1. Progressive dependency and tolerance are the defining characteristics of any addiction. People are addicted to a substance or to a process when they will not give it up even though it is ruining their lives. Tolerance means that they are tolerate more of it than the average person would – not that it doesn’t affect them. Dependency is a central issue in many family firms. Inability to leave is the surest sign that a business is an addiction rather than a healthy shared enterprise. Just as a person is an alcoholic when drinking is no longer a pleasure, but a necessity, someone is addicted to the family business when, without joy or fulfillment, they persist in spite of paid. The way out seems more terrifying than the dependency is crippling. Some entrepreneurs’ children can be described as “prisoners of the family business”, but in truth their parents, siblings, or spouses are equally trapped.


2. Denial is among the most human mechanisms of mental life, used by normal, healthy, optimistic people every day. In the addictive personality, it predominates over realistic judgement, not only protecting the illness, but guaranteeing its progression. The force of denial leads to the confused thinking and illogic faced by anyone who tries to confront addicts rationally. Whole families engage in denial in many ways. Families of workaholics can deny their disease easily, because workaholism carries no shame in our society. But their disease progresses, and until the organisation faces reality, the individual cannot begin to recover.


3. Addicts and any codependent family members or coworkers are as quick to blame, criticize, and judge others as they are to defend vigilantly and proactively against criticism from themselves. Often, in a family business, it is the norm to attribute interpersonal problems to “personality conflicts,” implying that nothing is fundamentally wrong with the system. Thus, its members cannot benefit from conflicting views as opportunities to challenge themselves and promote continual adaptive growth.


Self-centeredness, isolation, and tunnel vision are common in addicts as they tune out possible threats to their status quo and as their chosen drugs subsumes their world. Similarly, many business founders and successors have a remarkably narrow world view. The constant pressures of competition in a market economy naturally incline them to see government and unions as their enemies, inheritance as the only legitimate entitlement, and wealth itself as proof of predestination.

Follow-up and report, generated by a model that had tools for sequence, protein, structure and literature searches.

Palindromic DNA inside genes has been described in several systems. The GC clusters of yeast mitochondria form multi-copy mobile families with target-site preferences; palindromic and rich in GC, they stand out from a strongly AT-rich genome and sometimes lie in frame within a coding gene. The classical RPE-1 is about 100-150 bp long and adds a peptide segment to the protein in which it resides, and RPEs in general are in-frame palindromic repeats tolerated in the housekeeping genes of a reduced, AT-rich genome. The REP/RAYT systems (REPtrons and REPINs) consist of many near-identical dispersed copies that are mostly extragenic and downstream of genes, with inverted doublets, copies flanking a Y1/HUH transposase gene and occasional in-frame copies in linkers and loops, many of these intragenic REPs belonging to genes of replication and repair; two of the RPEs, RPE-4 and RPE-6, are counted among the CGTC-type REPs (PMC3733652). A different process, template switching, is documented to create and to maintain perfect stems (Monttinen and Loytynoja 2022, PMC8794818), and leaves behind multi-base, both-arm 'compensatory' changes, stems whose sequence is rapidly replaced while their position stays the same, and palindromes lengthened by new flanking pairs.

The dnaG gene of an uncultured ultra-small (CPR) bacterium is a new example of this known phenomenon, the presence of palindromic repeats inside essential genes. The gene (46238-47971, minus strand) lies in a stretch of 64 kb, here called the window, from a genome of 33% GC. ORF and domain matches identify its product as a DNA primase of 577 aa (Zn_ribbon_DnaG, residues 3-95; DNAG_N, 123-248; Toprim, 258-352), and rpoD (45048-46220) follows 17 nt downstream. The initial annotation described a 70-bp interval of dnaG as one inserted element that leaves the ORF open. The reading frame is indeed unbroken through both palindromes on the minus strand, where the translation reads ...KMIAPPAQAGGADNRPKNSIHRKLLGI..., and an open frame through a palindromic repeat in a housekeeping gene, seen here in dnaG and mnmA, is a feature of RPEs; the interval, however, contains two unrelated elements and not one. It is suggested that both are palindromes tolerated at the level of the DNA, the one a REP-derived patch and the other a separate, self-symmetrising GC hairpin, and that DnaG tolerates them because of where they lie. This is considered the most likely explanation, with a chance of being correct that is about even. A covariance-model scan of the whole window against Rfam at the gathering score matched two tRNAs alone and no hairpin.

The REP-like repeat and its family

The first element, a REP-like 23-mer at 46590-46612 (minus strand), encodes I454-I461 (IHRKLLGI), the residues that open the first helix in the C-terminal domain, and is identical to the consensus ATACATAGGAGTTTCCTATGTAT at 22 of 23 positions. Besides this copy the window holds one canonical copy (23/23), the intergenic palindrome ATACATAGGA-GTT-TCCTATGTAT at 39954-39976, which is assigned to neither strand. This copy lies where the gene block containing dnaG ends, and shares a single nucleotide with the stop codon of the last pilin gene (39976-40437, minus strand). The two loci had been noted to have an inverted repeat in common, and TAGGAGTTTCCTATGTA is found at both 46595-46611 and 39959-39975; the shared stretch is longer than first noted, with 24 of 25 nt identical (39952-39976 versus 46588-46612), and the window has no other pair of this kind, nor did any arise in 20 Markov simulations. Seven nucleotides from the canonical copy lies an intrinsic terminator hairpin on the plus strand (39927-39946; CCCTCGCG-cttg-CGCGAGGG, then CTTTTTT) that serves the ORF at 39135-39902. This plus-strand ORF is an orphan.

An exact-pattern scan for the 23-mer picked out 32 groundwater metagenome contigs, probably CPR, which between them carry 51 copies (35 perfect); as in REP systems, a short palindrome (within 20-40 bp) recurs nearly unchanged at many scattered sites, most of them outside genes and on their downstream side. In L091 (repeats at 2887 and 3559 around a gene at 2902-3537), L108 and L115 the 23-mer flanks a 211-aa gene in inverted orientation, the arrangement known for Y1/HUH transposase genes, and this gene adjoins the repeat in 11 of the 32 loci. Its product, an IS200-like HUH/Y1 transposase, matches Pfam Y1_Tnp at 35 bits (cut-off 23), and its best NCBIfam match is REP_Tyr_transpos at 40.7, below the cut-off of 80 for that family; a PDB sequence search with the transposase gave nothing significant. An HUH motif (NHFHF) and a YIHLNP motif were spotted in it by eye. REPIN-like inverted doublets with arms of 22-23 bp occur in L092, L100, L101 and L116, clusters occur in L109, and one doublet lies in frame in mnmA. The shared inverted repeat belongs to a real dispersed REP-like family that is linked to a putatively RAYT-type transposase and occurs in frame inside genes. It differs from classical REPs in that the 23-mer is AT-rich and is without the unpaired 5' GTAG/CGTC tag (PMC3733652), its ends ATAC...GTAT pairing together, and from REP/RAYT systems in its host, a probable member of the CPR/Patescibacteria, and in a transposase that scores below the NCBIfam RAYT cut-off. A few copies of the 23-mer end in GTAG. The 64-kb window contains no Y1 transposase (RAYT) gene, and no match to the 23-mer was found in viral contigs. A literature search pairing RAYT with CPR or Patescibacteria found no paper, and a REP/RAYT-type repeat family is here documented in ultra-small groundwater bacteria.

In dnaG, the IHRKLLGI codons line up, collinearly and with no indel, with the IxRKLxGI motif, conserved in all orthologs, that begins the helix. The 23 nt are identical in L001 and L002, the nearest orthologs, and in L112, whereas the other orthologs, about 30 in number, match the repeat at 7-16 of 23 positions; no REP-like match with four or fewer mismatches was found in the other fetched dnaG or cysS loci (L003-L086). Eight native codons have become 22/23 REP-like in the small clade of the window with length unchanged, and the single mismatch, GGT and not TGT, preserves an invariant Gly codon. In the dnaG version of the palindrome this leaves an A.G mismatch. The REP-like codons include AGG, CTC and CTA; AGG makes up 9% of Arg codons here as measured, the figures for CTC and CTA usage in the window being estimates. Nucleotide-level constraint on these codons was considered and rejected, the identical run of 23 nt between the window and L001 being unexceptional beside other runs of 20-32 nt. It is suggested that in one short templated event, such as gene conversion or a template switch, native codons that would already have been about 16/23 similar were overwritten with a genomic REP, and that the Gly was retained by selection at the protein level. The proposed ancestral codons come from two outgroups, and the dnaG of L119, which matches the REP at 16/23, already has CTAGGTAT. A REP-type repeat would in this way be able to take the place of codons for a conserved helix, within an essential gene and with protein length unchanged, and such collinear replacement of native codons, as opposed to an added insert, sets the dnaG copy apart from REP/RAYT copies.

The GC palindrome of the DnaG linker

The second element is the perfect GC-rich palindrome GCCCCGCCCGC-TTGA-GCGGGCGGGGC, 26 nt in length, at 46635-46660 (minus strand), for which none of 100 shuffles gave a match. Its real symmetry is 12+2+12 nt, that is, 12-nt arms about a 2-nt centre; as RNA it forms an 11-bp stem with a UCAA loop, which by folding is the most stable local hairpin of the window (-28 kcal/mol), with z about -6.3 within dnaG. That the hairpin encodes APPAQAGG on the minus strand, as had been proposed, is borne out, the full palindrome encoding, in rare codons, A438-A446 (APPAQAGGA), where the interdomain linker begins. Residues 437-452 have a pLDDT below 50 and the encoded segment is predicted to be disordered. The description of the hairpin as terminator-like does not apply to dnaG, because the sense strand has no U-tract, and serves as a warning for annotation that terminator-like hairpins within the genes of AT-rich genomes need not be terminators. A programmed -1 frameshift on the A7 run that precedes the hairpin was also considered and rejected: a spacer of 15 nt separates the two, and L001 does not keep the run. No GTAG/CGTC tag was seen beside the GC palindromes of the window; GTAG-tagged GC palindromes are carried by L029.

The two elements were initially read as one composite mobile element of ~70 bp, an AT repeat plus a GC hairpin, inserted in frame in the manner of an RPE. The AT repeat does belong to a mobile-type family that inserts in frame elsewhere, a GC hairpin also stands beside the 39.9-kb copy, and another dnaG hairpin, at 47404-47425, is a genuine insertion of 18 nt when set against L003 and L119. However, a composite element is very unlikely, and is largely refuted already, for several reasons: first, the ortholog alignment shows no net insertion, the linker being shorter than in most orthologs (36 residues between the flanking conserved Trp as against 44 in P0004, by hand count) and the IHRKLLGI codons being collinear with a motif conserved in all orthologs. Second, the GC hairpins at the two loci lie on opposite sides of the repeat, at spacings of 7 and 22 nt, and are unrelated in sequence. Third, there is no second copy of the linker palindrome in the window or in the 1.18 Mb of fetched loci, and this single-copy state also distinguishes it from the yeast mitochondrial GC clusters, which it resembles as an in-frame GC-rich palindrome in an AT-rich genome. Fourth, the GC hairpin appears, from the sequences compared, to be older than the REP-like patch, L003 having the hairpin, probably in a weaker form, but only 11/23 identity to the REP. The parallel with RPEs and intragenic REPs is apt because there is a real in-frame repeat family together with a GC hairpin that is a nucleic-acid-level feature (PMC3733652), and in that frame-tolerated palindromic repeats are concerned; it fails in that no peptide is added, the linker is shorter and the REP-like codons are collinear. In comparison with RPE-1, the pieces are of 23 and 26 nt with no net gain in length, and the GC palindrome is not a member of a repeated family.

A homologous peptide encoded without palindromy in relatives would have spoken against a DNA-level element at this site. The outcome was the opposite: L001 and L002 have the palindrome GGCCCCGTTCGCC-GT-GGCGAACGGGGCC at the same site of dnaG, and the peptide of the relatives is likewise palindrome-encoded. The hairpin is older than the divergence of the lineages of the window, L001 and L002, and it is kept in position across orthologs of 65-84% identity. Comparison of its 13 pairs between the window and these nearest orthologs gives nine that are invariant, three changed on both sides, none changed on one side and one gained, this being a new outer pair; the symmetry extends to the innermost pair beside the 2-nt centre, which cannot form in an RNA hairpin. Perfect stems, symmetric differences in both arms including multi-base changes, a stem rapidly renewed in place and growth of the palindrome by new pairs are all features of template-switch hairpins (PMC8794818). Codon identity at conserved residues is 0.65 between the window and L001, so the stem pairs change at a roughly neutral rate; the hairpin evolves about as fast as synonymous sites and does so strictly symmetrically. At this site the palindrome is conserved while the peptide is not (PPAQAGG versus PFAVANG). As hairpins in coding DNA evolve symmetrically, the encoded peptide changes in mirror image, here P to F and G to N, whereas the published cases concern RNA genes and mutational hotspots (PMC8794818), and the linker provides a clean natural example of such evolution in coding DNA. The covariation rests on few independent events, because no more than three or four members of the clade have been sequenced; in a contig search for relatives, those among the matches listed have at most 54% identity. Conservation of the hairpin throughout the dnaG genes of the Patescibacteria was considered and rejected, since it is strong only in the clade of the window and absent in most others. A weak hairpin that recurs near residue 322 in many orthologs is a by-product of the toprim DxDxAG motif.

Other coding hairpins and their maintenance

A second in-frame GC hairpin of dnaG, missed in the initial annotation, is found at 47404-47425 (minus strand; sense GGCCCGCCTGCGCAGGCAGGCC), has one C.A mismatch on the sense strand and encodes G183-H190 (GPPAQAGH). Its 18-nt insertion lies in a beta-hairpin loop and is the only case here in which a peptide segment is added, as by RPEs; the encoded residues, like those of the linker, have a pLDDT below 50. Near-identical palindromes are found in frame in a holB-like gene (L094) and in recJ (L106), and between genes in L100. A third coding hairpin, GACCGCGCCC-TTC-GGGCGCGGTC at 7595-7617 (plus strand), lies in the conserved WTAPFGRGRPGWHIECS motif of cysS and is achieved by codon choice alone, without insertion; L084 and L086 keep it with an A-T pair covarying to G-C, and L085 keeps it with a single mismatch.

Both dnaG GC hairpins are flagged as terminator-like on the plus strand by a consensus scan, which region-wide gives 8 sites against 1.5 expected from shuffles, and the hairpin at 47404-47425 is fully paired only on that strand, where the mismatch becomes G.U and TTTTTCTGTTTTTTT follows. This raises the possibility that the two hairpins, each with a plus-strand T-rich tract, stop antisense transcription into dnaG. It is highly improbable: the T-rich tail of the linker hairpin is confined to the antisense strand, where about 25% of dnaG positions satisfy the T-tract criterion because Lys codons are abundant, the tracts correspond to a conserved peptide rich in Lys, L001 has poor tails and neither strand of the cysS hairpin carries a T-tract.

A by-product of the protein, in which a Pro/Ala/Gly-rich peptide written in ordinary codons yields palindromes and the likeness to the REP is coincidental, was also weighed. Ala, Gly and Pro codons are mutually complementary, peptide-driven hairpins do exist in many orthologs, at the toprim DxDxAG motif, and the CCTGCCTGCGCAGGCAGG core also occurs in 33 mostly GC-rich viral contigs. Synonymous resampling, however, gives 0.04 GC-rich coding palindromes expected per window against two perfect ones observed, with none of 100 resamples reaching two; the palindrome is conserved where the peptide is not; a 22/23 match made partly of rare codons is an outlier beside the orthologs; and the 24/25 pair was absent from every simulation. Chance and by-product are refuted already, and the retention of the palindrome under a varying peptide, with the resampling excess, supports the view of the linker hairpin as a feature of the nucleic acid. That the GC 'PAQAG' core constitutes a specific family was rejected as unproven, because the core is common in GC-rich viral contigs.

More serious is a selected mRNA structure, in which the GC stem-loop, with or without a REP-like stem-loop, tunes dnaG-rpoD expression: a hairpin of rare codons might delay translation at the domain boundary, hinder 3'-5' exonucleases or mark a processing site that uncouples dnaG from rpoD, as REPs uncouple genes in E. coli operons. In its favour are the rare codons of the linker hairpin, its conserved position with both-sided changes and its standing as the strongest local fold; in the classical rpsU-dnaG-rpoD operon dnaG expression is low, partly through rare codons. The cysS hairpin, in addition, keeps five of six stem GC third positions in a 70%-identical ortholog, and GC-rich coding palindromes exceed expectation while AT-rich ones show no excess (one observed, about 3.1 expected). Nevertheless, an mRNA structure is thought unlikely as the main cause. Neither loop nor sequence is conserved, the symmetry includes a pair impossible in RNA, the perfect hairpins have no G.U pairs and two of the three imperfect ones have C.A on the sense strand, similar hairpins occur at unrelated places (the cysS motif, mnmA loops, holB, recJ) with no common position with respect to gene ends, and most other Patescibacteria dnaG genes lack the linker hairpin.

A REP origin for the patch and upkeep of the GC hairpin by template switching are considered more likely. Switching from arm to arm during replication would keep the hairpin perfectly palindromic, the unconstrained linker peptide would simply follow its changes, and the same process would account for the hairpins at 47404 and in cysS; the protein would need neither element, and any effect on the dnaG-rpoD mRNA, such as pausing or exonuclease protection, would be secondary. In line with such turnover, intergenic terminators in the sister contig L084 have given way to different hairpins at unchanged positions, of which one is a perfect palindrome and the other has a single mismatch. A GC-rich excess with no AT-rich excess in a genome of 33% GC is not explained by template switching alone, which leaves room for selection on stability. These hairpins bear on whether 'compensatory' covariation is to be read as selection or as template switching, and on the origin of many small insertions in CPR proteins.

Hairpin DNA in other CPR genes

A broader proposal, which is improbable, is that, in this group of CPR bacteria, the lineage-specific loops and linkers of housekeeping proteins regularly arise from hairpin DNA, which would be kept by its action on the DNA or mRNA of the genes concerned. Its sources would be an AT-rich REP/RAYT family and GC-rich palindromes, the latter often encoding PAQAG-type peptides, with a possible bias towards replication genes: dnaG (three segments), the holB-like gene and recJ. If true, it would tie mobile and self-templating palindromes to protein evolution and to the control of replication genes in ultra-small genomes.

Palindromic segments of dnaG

4. Perfectionism and obsessiveness result from a felt shortage if love, respect, or money (a surrogate for love and respect). The young child thinks, “If only I were more perfect, my parents would be happy and would value me.” The grown-up child thinks, “If a achieve perfection (in my weight, my work, my social status, the cleanliness of my home, or whatever), then I’ll be worthy of love.” Many adults who are not addicts themselves, but were children of alcoholics, suffer from perfectionism, excessive self-criticism, workaholism, and rigidity.


Again, there is a parallel with family business: Scarcity of their father’s attention and approval leads some adult children of entrepreneurs to workaholism and perpetual dissatisfaction with themselves. This underlies many sibling conflicts in family firms. Too little of what they need from either or both their parents in childhood creates siblings who, as adults, will be chronically distrustful and jealous of one another. (“You were always the favorite.”). This may explain why even some extraordinarily wealth adults, squabble like children over matters involving relatively insignificant amounts of money.


Adult children of alcoholics make poor team members, because they are poor listeners, having difficultly giving and receiving criticism, and have an excessive need to control. Carrying the baggage of painful childhood experience into business relationships, their anxiety around authority figures takes the form of resistance or defiance, often passive-aggressive.


5. Dishonesty and ethical deterioration as well as the addicts’ spiritual bankruptcy are other characteristics. Religious faith is not equivalent to spiritual strength. Quite the contrary: Religion can be a process addiction in itself, especially if parents are dogmatic and authoritarian instead of supporting their child’s individualized growth in spirit and character. The illusion of control through secrets in some business families is also a characteristic of addicts and their families.

6. Grandiosity is frequently a characteristic of addicts. As they live on the verge of greatness, the promise of spectacular achievement or fortune keeps them from seeing how they are wasting their lives. The promise of the future takes attention away from the current problems, denies current feelings, and devalues the ordinary self. The loftier and more unattainable the promise, the more probable that the organisation becomes a rigidly grandiose denial system.


Loyalty to the organisation becomes a fix when individuals become preoccupied with maintaining the organisation. When loyalty to the organisation becomes a substitute for living one’s own life, then the company has become the addictive substance of choice.


7. Finally, all of the combined with desperation and unrealistic expectations naturally lead to chronic stress, depression etc. The person has no boundaries, no self, and consequently no true recognition of others as selves with distinct feelings, perceptions, and desires.


Most of these people want to be doing something else. When they are challenged to explore other opportunities, they respond that they cannot afford it. They are in fact missing the real message here…they cannot afford to take the risk of being fully alive!


Dr Kenneth Kaye, leading psychologist specialising in the field of family business dynamics.

Family Legacies www.family-legacies.com is a multidisciplinary family business consulting company. Our consultants are leaders in their respective fields including; Family Business Consulting, Strategic Planning, Financial Planning, Wealth & Risk Management, Corporate Finance, Business Transitions & Exit Planning - Buy, Improve, Grow & Sell Businesses, Commercial & Family Law, Executive Coaching, Leadership Development & Facilitation, providing our clients with a professional and integrated multi-disciplinary service.